I'll admit it: I'm a data junkie.
That's not just because I'm in the research business -- though admittedly, it's the perfect gig for someone with an obsessive desire to measure, record and track the effectiveness of everything.
No, my fascination with data isn't just a consequence of my day job. It comes from both temperament and training. When I was 9, I measured the relative effectiveness of two processes for shelling peas. (No, I'm not kidding, and yes, I was a really weird kid.)
In my years as an engineer and physicist, I maintained a focus on measurement -- one of my earliest research designs in highenergy physics was a liquid-argon calorimeter, which measures the energy created by a particlephysics experiment.
That's why I'm appalled at the state of Internet measurement now. Even though companies are becoming utterly reliant on the 'Net, we've never known less about Internet structure and performance -- and that's a huge problem.
The best data we have is compiled by the good folks at the Cooperative Association for Internet Data Analysis (CAIDA), a not-for-profit research group run by the University of California at San Diego and funded by government research grants with a handful of high-tech companies (see www.caida.org/home/).
Yet CAIDA's principal investigator and director, K. Claffy, routinely laments the lack of high-quality data her team can access and analyze. We don't even have an up-to-date map of the Internet, let alone a meaningful measurement of its traffic flows. The best available public data is at CAIDA, but it's woefully incomplete.
The problem is twofold: First, scientific researchers, while eager to access others' data sets, are reluctant to release their own. And second, the players with the greatest insight into Internet structure and performance -- the carriers -- are reluctant to reveal their inner workings to each other.
As a result, we lack a comprehensive view of the most sophisticated piece of infrastructure ever created. That's pretty disturbing, given how integral the Internet is to our global economy. Without a complete map of it -- let alone a detailed understanding of its day-to-day performance -- we can't ensure that it will continue to work reliably. If that doesn't scare you, it should.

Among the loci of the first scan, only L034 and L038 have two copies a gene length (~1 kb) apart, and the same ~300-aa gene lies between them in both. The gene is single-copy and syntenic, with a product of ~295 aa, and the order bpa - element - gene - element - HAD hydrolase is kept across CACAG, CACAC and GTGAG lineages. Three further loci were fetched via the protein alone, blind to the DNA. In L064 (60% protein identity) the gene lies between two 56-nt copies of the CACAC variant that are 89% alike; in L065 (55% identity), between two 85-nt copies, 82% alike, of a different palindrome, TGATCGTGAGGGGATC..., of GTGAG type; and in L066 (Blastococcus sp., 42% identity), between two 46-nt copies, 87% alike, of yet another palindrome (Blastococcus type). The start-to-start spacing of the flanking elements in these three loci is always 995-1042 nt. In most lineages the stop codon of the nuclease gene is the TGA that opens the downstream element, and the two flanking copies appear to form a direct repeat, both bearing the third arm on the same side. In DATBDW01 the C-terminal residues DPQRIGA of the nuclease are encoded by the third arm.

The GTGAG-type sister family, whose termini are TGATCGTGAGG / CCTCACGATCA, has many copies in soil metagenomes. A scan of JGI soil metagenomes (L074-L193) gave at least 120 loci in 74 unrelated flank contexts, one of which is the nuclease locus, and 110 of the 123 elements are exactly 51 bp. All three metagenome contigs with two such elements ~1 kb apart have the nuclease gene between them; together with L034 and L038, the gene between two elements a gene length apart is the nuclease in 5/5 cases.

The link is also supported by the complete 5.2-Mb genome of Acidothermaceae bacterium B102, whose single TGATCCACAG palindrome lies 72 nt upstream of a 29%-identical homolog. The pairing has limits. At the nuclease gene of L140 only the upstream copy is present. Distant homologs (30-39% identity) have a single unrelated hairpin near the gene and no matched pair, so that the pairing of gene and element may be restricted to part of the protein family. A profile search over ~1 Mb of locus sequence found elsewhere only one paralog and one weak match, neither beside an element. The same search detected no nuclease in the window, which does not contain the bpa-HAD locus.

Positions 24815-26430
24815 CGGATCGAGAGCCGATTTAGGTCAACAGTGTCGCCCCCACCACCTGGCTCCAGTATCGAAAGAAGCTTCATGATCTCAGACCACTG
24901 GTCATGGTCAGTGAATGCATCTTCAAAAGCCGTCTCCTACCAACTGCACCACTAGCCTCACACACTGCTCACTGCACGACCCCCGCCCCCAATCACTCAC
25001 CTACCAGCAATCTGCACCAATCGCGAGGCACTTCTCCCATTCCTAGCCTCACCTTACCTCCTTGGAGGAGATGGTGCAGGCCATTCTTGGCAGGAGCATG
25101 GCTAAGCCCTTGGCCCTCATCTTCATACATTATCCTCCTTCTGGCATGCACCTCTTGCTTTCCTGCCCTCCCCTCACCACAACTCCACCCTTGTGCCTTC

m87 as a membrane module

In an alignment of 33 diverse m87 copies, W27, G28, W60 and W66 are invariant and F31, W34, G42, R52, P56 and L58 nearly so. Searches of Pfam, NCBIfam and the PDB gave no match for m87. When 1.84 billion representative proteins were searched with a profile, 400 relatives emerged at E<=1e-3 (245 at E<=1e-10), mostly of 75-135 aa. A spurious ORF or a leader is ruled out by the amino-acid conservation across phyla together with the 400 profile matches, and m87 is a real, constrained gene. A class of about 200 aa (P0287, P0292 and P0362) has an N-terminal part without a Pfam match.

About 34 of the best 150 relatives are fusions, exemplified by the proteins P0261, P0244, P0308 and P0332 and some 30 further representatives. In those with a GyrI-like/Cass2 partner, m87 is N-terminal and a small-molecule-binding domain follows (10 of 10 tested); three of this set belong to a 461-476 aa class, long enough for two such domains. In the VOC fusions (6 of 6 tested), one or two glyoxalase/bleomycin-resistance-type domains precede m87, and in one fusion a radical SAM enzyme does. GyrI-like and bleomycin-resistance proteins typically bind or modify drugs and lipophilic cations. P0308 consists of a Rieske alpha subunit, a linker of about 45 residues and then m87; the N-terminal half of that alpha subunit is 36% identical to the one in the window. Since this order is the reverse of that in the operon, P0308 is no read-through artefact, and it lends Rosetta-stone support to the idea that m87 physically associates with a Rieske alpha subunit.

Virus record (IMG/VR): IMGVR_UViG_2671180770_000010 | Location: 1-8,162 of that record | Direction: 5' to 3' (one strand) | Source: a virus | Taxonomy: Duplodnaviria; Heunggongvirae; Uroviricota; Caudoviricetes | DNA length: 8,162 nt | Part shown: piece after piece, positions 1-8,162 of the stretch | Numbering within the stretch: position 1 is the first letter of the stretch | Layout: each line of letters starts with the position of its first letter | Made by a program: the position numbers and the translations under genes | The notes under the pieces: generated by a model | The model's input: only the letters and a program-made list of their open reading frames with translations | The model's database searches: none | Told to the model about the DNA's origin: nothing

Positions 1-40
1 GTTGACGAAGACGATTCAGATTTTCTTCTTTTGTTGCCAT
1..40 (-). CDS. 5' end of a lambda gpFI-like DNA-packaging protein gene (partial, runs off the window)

What should be done? First, enterprises, vendors and service providers should start actively supporting cooperative Internet measurement projects, financially and by providing insight into their challenges. These organizations will benefit individually as well as help ensure the long-term stability of the 'Net.
Second, scientific researchers and the entities that support them (universities, government and industrial research labs) should insist on sharing data sets publicly. CAIDA operates one repository for shared data sets, called DatCat, which is a catalog of Internet measurement data, but there are others. Researchers should be required to make their data sets available through at least one of the public catalogs.
Above all, we should start getting serious about measuring the Internet. The future quite literally may depend on it.
Johnson is president and chief research officer at Nemertes Research, an independent technology research firm. She can be reached at email@example.com.